x Abu Dhabi, UAEThursday 20 July 2017

In Egypt, even the police want to reform the police

Many officers want their own trade union recognised by law, and take control of reforms within the ministry of interior.

Police officers protest in Cairo last October during a nationwide strike for better salaries and a purge of former regime officials.
Police officers protest in Cairo last October during a nationwide strike for better salaries and a purge of former regime officials.

CAIRO // When Egyptians were cheering the end of Hosni Mubarak's police state after the uprising last year, a group of officers began plotting their own quiet revolution within the ministry of interior.

Their idea spread to stations and police clubs across the country: officers should push for their own trade union and take control of reforms within the ministry.

They want a just wage, fewer working hours and new leaders. They say that the current ones are corrupt and turned the police into the right hand of Mr Mubarak's regime.

"Police reform must start with justice for the officers," said Ahmed Ragab, a police major in Alexandria who is part of the 4,000-strong General Alliance of Police Officers. "We know how to fix the ministry of interior."

His union and other police unions formed in the past year have yet to be recognised by the state because of a law that prevents policemen from unionising.

They are working with the parliament and the Federation for Independent Unions to change the law obstructing their recognition. They also are drafting reforms that they want approved.

The first step, Mr Ragab said, should be firing the top police generals.

Only then can working conditions be addressed and policies adopted that would "pivot around the security of the citizen, not the regime".

Despite the removal last year of Habib El Adly, the former top police chief who has been charged with ordering the killing of protesters, Egypt's police forces have faced one of their toughest years in history.

Police and the Egyptian military have been blamed for violence against protesters that killed more than 100 people since Mr Mubarak stepped down. There have been three different ministers.

Even now, weeks after the latest clashes between protesters and the police, Egyptian news programmes show officers' faces, alleging conspiracies to kill and instil chaos on behalf of the "remnants" of the old regime. When more than 70 people were killed at a football match in Port Said last month, the blame immediately fell on the police for failing to safeguard the stadium and check for weapons.

"For many years, Egypt was proud of its police," said Tamer Badran, a former police major who was part of the security detail guarding Mr Mubarak's sons until he resigned in 2006. "These days, all of my friends in the department are sad. There are calls to purify the police. The people blame them for everything that goes wrong."

Mr Badran, now an independent security consultant, said that most officers worked hard and behaved ethically. Yet, conditions had deteriorated over the years. Wages remained low and top officials used concerns about Islamist extremists to encourage the abuse of suspects.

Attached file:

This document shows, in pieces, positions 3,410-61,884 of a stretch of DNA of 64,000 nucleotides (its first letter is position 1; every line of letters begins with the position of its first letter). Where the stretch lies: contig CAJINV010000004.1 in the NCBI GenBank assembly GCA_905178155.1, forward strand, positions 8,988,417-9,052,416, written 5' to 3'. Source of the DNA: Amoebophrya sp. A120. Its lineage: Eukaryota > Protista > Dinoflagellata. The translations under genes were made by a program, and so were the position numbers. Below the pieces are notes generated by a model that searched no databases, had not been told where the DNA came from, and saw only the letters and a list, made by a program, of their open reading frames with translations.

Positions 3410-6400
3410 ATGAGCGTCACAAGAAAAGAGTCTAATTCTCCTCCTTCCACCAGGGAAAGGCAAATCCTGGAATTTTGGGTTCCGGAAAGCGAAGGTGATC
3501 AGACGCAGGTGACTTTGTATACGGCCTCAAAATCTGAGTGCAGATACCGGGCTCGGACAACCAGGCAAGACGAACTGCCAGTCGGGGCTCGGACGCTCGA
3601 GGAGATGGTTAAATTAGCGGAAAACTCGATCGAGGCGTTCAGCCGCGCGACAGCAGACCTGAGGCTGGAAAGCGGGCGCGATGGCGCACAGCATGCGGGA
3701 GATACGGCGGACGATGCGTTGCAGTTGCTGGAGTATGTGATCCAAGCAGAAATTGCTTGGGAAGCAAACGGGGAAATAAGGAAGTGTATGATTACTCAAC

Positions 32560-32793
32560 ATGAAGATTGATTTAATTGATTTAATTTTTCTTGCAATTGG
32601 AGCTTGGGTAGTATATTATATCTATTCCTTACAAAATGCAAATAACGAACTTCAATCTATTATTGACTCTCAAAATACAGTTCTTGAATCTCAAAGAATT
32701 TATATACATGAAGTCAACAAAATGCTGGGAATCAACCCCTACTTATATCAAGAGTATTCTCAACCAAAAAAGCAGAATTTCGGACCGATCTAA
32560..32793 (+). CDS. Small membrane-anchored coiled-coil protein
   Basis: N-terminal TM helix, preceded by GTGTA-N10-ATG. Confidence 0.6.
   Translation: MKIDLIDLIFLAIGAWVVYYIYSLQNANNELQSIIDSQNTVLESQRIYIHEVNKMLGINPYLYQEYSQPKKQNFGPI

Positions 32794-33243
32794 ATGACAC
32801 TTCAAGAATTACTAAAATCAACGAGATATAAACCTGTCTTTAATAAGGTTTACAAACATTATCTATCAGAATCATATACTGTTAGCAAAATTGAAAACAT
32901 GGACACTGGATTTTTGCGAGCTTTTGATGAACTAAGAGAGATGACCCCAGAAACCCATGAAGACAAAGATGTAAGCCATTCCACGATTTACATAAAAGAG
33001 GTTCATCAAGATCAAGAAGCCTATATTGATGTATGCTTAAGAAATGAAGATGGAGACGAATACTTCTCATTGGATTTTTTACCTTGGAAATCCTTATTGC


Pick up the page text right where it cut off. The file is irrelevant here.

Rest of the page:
"How do you expect a police officer to do his job and be courteous when he works 12-hour shifts, six days a week, for little pay?" Mr Badran said. "The training is not good enough. The equipment is not good enough. The problems have been there for years."

International observers have pointed to police reform as a "crucial" component of democratic transitions in Egypt, Libya and Tunisia.

"The greatest obstacle these authoritarian police forces face is their own organisational culture, which has encouraged torture and arrests without cause," wrote Andrew Exum and J Dana Stuster of the Center for a New American Security in a report last month. "Officers need to be retrained to respect human rights, and will have to learn how to conduct investigations without relying on forced confessions. The public will also have to be educated on what the proper role of the police is and how to engage them productively."

Mohamed Abdel Rasoul, who resigned as a lieutenant colonel in 2010, said he saw a culture of corruption spread throughout the ministry during his 21-year career. At the bottom level, traffic police would take small bribes to ease traffic for well-heeled Egyptians. And at the top, the minister and his top officials kept a fleet of some 50 luxury cars for their own use.

"Nothing has changed since the revolution, as far as I can see," he said. "The roots of the problem haven't been dealt with."

Allegations of torture are credible, he said, but he believes it was not as widespread as activists allege. The problem was that pressure was put on lower officers for quick resolutions of cases and they would use excessive force.

"We had bad police officers, just like any police in the world," he said. "To fix this, you can't just appoint a new minister. You need to look at the whole system."

For now, the General Alliance of Police Officers will operate without official recognition, said Mr Ragab, one of the organisers. The minister of interior, Mahmoud Ibrahim, has refused to meet them despite repeated requests.

"That might be because we are calling for his resignation, too," Mr Ragab said. "We will do whatever it takes to get rid of the old officials."

bhope@thenational.ae

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